The haunting of Tiny Wooden Towers

The haunting of Tiny Wooden Towers

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Writer_smallerGhost Stories

The first two nights we played Ghost Stories, the combined length of both games probably didn’t add up to an half an hour. It beat us mercilessly, and I loved it for it.

The third time we played it, Aileen found a great rules reference online, and, more to the point, found some mistakes we were making. That time we won. It’s a tricky game, just not that tricky. I am now looking forward to trying it on the harder difficulty settings, and finding a level where it’s seriously challenging again. Winning is fun, but only if you have to work for it. The comic is exactly how the first game played out, by the way. Except for the ghost. He’s actually been in the house a lot longer.

The other delight I found in Ghost Stories was a co-op game that rewards players working together. In fact, I’m pretty sure the harder difficulty settings render any other style of play unworkable. By which I mean unwinnable.

If you don’t want to hear any more about Ghost Stories, here’s where I lose you. Because here’s the final trick the game has up its spooky sleeve; here’s what’s really clever about it: Theme.

Mechanically, it’s a game about hordes of undead attacking a board, and the players need to fight the enemy off using a mix of pick-ups and help from the area they are in. Areas can be overrun and be rendered useless. You might see what I’m getting at: the obvious theme here is zombies. It’s a hugely popular theme and fits the mechanics like a rotting glove. I actually have no problem with zombie games: I think they’re great fun, and don’t feel it’s been overdone (yet). But what Ghost Stories offers is so much more interesting; so much more exciting.

You play Taoist monks defending a small village from Wu Feng: Lord of the Nine Hells. You are exorcising a gruesome variety of ghosts, from skinners to soul eaters, from dark wraiths to black widows. Wu Feng himself manifests in ten different forms, each a unique challenge to defeat. The players use coins, incense, bells, gain help from tea rooms, altars and sorcerers. For all my talk of the difficulty and fun co-op, it might honestly be the theme, and the brilliant accompanying artwork that has me most excited about Ghost Stories. And I’m certain that if it had been just another zombie game, it would have never caught Aileen’s eye in the first place.

More interesting themes, please, designers of the world!

9 Comments on The haunting of Tiny Wooden Towers
  • David

    I did a spit-take when you said Ghost Stories was “tricky but not that tricky”. I must just be bad at it then, I have only ever won on the lowest level with a single monk, any time I tried with multiple monks I was destroyed. I have had some of those 2 games in 30 minutes days as well.

    • Just finished playing a game with three monks, and it made me feel like maybe we got lucky when we beat it last time. The board was completely over-run just past the halfway point. We were totally swamped. I wonder is it more difficult with more players?

  • Drew

    Ghost Stories is the only game which i couldn’t play as i couldn’t understand the rule book. My local gaming shop had a copy, we tried to figure it out, and after 15 minutes of rules reading, i put it back!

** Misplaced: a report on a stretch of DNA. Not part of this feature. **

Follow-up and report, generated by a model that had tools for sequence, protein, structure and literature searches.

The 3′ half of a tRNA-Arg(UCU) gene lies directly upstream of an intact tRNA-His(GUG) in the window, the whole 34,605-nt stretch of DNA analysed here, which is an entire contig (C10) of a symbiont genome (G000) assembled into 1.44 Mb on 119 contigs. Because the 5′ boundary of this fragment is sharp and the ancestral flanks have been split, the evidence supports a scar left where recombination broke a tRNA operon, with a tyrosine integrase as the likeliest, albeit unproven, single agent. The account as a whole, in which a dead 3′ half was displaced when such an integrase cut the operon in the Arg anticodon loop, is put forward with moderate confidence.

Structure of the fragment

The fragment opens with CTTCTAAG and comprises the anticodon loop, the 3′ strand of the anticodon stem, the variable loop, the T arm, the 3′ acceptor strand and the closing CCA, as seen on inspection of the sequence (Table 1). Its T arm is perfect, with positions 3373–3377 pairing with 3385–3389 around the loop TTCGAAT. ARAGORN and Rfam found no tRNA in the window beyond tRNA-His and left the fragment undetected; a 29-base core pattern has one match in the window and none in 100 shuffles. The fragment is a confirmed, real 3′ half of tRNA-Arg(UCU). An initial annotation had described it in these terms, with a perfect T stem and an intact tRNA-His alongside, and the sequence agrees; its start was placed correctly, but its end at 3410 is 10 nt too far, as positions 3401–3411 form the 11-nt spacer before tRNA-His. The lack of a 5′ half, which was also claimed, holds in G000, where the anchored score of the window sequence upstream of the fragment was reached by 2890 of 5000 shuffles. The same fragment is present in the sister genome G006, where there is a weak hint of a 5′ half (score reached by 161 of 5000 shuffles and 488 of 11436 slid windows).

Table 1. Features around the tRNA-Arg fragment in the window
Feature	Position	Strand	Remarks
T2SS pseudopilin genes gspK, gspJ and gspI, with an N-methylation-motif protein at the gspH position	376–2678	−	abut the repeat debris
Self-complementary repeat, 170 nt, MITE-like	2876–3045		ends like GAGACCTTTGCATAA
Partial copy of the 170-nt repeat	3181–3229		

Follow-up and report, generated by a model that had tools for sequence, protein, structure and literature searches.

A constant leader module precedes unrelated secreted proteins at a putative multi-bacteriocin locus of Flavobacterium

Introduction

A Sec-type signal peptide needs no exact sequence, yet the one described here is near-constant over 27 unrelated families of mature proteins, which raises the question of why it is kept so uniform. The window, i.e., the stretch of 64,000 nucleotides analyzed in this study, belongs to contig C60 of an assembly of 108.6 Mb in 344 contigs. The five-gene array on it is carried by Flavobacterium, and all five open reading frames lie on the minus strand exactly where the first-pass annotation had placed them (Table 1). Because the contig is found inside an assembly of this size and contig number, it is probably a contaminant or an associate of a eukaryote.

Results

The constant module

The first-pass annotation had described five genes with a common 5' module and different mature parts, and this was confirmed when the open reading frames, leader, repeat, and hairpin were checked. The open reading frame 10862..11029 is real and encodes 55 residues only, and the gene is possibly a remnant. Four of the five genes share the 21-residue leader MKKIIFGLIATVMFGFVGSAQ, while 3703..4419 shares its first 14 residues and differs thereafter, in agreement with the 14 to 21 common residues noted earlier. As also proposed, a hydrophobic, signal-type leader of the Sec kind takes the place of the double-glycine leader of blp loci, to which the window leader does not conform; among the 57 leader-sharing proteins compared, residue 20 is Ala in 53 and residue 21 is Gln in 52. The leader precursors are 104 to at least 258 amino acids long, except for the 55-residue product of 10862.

• Yeah, the rulebook really is a let down. Feels like it suffers in translation. There’s a great rules reference online that we use now that solves the problem:

      • Drew

        At the moment I’ve got a ton of brand new board games i’m yet to play, and with Thunderbirds being released this week I’ve got too many new games to play before i try ghost stories again. So excited for Thunderbirds… Played it at UKGames expo and loved it.

        • Our copy of Thunderbirds arrived a few days ago! It looks gorgeous, haven’t had a chance to play it yet, but I am also very, very excited about it.

      • Drew

        But yes, the rulebook for Ghost Stories suffers… I’ve heard a lot of people really enjoy that and i do want to play it at some point… maybe I need to get someone to teach me it…

      • Aaron Gannaway

        I am a big fan of the Headless Hollow rules references. In my opinion, he creates the best rules references that I have seen. Whenever I get a new game that I feel needs a rules reference, I look to see if he has created one for the game.

  • Aaron Gannaway

    I love this game and am excited you did a comic about it! I got it as a gift a few years back and played it 8 times in short succession with the following results (all of the games were played solo using all 4 monks):

    lost (Difficulty: Initiation), lost (Difficulty: Initiation), lost (Difficulty: Initiation), won (Difficulty: Initiation), won (Difficulty: Initiation), won (Difficulty: Normal)…at this point I got a bit over-confident and thought I figured out the game…lost badly (Difficulty: Normal), worst loss since my first game (Difficulty: Normal). 🙂

    I have not played the game in way too long, so earlier this week I pulled it out. I am re-reading the rules so that I can play it a few times this weekend. I can’t wait because I love the theme and the difficulty of the game. I do recall my first game having rules questions as well. I think it took about half-way through before it all clicked.